Powell Tells Lee, 'Seoul First' In Attempts to Draw Out NorthWASHINGTON - The Bush administration reaffirmed that Washington will not rush into talks with Pyongyang and that its talks with the communist state will not outpace inter-Korean dialogue.
U.S. Secretary of State Colin Powell also stressed Wednesday that the North's willingness to address U.S. concerns over its missile program will set the tone for relations between the two countries.
"Mr. Powell explained to us that the North's attitude in dealing with their missile issues is one of the most important factors in normalizing ties," Foreign Minister Lee Joung-binn of South Korea told a press conference.
Mr. Lee spoke after his first meeting with the new U.S. Secretary of State on Wednesday. The two men agreed to continue close coordination of their policies toward the communist state.
The Seoul government also secured a pledge of support from the Bush administration for Seoul's reconciliation policies toward North Korea.
Mr. Lee, who arrived here Tuesday, also met Wednesday with Richard Armitage, deputy secretary of state-designate and Condoleezza Rice, national security adviser.
"Mr. Armitage reassured us that Washington will not do anything that will put South Korea in a difficult position concerning inter-Korean relations," said a Seoul official accompanying the foreign minister.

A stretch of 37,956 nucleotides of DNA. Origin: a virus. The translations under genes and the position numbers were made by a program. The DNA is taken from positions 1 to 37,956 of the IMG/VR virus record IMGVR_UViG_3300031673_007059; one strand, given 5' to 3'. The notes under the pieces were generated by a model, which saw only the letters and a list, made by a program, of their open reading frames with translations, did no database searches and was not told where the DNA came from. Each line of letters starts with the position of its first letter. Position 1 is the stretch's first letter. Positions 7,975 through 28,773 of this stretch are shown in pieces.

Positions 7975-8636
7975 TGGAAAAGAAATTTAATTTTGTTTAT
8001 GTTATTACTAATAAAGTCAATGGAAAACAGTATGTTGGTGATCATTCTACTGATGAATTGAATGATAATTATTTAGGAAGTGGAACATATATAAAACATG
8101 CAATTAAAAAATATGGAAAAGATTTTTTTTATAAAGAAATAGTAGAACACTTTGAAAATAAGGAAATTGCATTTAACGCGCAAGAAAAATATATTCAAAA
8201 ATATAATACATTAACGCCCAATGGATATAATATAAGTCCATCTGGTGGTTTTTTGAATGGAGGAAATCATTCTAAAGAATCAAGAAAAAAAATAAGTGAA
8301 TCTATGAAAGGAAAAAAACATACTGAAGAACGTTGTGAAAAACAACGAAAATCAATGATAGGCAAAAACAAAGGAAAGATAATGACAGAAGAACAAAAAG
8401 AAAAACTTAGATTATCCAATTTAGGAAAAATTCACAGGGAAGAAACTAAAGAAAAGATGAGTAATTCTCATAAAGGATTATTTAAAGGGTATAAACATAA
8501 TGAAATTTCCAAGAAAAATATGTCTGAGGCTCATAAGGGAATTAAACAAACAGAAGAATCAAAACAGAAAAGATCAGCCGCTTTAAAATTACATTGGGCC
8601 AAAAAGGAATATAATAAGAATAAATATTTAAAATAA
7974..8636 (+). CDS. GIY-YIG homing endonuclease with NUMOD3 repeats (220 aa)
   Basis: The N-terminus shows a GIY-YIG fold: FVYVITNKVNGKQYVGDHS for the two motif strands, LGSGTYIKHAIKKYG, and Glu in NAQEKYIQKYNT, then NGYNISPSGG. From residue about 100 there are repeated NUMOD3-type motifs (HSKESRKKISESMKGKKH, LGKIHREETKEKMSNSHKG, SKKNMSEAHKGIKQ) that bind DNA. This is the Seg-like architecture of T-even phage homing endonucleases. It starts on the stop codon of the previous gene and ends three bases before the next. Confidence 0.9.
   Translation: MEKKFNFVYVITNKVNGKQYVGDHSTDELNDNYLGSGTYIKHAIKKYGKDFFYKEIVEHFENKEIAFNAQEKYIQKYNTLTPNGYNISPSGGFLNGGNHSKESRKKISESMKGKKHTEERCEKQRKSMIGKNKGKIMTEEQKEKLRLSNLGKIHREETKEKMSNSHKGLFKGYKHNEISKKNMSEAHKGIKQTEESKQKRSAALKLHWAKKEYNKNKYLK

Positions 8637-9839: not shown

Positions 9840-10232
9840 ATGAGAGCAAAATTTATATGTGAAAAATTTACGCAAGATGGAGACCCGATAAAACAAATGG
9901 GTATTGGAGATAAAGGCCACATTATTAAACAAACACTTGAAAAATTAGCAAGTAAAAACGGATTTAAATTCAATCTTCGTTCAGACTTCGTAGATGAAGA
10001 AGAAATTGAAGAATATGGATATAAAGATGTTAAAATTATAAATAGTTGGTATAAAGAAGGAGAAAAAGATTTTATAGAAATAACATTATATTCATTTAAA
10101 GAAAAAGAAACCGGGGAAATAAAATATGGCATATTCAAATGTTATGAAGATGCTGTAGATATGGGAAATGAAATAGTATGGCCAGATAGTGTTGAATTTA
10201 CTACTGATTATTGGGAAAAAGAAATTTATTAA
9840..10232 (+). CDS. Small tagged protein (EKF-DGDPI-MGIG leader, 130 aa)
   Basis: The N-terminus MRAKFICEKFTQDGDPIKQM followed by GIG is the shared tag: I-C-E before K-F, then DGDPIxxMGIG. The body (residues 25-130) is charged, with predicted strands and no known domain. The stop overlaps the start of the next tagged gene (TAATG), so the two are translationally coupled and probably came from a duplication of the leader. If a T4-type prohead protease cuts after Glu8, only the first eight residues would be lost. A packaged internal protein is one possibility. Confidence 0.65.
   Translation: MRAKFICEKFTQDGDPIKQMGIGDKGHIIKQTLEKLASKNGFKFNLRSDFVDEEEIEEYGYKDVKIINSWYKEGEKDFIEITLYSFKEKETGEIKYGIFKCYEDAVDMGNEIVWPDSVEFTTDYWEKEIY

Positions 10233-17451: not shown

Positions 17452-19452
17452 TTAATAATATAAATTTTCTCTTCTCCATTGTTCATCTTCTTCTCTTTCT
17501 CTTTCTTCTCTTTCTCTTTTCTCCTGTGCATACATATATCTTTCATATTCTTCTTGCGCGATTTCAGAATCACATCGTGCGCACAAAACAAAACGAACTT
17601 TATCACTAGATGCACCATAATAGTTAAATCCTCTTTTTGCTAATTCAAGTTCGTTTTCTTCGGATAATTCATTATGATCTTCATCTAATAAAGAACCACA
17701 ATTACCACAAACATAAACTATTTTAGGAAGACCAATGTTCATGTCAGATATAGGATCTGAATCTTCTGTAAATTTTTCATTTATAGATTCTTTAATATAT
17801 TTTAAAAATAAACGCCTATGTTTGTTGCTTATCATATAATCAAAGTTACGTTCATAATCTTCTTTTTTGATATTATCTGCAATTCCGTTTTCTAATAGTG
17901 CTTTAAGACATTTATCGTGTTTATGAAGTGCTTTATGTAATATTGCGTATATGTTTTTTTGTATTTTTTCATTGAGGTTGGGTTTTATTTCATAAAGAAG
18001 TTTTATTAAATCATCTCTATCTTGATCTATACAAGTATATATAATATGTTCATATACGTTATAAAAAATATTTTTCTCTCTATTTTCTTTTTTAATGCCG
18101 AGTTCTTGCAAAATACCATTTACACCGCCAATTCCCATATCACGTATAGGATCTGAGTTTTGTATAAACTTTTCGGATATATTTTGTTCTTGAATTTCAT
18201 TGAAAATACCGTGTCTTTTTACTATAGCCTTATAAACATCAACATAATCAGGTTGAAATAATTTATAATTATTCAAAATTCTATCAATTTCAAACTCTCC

Korean analysts and officials, many of whom who had been gloomy about Washington support for Seoul's "sunshine policy," seemed relieved.
A government official who took part in the talks in Washington said, "Washington clearly showed that inter-Korean talks take priority."
Professor Chung Chong-wook of Ajou University said, "In the last days of Clinton's administration, their push for a visit by President Clinton to Pyongyang gave the impression that they were racing ahead of the key players, the two Koreas."
A government official said that progress in talks between Washington and Pyongyang will inevitably slow if North Korea fails to meet the conditions set out by the United States on the key issue of the North Korean missile development program.
For years, Pyongyang has alarmed Washington by its push to develop missiles and sell them abroad. The short, medium and long-range missiles also have caused alarm in Japan.
"Considering that U.S.-DPRK relations are also important to inter-Korean relations, the Seoul government has been left with the burden of persuading North Korea to cooperate in this matter," a government source said on condition of anonymity.
Noting that Mr. Powell expressed some interest in Seoul's possible provision of electricity to the North, another official said, "This could mean that the electricity issue between the two Koreas is related to the North's missiles."
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